Ideally provide the water in a glass drinking bottle, or open ceramic dish, as plastic will invariably be gnawed.  Unlike plastic, there is no danger of the glass leaking harmful chemicals into the water.  Glass bottles, however, do not seem to be universally available and you might have to visit several pet stores before you find one.

They enjoy and occasional sand bath in chinchilla sand, available from pet stores.  A gnaw stone (similar to that given to chinchillas) can help prevent the incisors from becoming overgrown, and a cuttlefish wired to the inside of the cage can strengthen teeth and prevent broken teeth.

The incisor teeth are normally orange in colour.  A whitening of the teeth is usually indicative of a serious health problem.


A roomy tall cage is required. The degu is very destructive to plastic and wood, so the cage must be construct of weld mesh. The substrate can be wood shavings, but make sure they are coarse with minimal dust content. Excessive dust in the scatter material is irritating to mucus membranes and can even precipitate pneumonia. Avoid pinewood if possible, as there is some evidence this can harmful. Some rodent-keepers remain staunch advocates of wood-based cat litters (in the form of wood pellets). Personally I don’t like this material. I find that most rodents will chew it into a very fine and unpleasant dust. In doing so, they ingest a fair quantity of it and, being so desiccated, it can expand when it encounters the moist environment of the gut and, perhaps, cause impaction.

Furnish the cage with a wooden sleeping box (which may need replacing periodically), wide-diameter pipes (sections from sewage pipes are perfect), and branches for climbing. Wood from (unsprayed) fruit or willow trees is ideal. Scrub the braches well in mild soapy water to remove moss, lichen, bird dropping, etc, and then allow it to dry before placing in the cage. You can safely leave the bark on, as not only will it provide occupational stimulation for the degus to strip off the bark, but it provides valuable trace elements as well. And, of course, natural wood is invaluable as a knowing aid.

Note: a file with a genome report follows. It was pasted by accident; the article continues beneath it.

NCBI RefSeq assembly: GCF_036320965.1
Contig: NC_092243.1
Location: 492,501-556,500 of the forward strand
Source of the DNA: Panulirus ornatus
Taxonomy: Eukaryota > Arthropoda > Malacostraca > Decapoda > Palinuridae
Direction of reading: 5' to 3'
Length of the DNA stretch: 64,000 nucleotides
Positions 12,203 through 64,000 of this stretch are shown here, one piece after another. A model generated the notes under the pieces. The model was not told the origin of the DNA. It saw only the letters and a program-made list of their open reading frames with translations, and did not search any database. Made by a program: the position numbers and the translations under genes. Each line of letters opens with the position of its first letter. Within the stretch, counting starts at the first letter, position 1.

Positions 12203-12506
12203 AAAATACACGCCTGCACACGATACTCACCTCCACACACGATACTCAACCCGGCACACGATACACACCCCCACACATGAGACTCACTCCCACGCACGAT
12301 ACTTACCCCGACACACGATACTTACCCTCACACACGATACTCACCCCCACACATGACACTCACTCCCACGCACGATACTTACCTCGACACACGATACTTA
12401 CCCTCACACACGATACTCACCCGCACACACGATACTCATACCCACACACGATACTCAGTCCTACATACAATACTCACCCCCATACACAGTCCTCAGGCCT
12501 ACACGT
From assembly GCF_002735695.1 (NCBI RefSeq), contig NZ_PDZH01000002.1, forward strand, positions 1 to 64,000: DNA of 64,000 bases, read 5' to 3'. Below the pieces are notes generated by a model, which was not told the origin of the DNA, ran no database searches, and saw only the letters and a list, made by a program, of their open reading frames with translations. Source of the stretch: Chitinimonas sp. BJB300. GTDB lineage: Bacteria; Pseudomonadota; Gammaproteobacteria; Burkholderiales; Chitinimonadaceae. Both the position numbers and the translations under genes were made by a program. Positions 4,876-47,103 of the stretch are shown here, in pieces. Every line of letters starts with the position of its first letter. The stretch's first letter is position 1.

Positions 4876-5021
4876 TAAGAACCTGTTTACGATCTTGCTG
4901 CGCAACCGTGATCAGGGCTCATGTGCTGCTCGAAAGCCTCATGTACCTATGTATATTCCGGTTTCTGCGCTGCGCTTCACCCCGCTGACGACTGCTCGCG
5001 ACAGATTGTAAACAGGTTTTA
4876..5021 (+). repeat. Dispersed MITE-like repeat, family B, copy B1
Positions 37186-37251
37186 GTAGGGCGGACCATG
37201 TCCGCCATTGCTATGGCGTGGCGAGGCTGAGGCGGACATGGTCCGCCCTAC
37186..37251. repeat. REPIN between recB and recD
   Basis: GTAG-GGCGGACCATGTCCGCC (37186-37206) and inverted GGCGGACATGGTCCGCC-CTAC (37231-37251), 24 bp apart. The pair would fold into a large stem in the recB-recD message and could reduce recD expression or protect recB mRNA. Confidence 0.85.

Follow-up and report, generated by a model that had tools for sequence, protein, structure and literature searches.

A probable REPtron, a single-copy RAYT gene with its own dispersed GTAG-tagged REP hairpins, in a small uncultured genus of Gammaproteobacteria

Their droppings are dry and innocuous; degus are generally clean animals, which will not offend the most house-proud of owners, and cleaning out the cage once a week is normally sufficient.  I do not clean out the cage when the degu babies are present.


It is common, with population densities varying from 10 animals per hectare to 260 per hectare, although 40-80 per hectare is probably nearer the average; and in some agricultural provinces it is considered a pest. It should go without saying that a communal species such as this should be kept in pairs or small colonies in captivity, not as single animals. They seem more tolerant than most other rodents to the introduction of strangers into the cage. If the cage is big enough, it is possible to allow them to share with another species, but, since degus must not be given standard rodent mix (for reasons I will expound upon in the Feeding section), any companion must be able to thrive on the degus’ diet. Recently I had a pair of degus living in an indoor aviary with two chinchillas and four African Striped Mice. This experimental mixing went well, although the grass mice did seem a little rather intimidated by their larger cage companions, and eventually I removed the mice.

Degus are diurnal, being most active in the morning and late afternoon, and thus the species appeals to the pet-keepers, who want to see their pet do more than just sleep.

Degus communicate with a variety of high-pitched whistling and growling noises.


Sexing prevents few problems and, even in young animals, it should be quite easy to tell the sexes apart, the anal-genital distance being approximately twice as far apart in males as in females.  In mature specimens the testes of the male are also clearly visible.

In captivity the degu seems to breed throughout the year, whereas, in the wild, it appears to be a more seasonal breeder.  Sexual maturity is attained at about 6 months, although it can be considerably earlier.  My first pair of degus mated successfully at just 3 months of age.  Like the rabbit, the female degu does not have a regular breeding cycle, but seems to be an induced ovulator and thus it is the physical act of mating that stimulates egg production.  The gestation period is 90 days.  Litter size varies from 1-10, but I venture to suggest that large litters are rare, and 5-6 young is closer to the norm.  Babies are born fully furred with their eyes open and are capable of running around almost immediately.  You can safely leave the father with babies, as he will not harm them.  Weaning occurs at about 5-6 weeks of age, but the young should remain with their parents for at least 8 weeks. Longetivity is between 5-7 years.

By Russell Tofts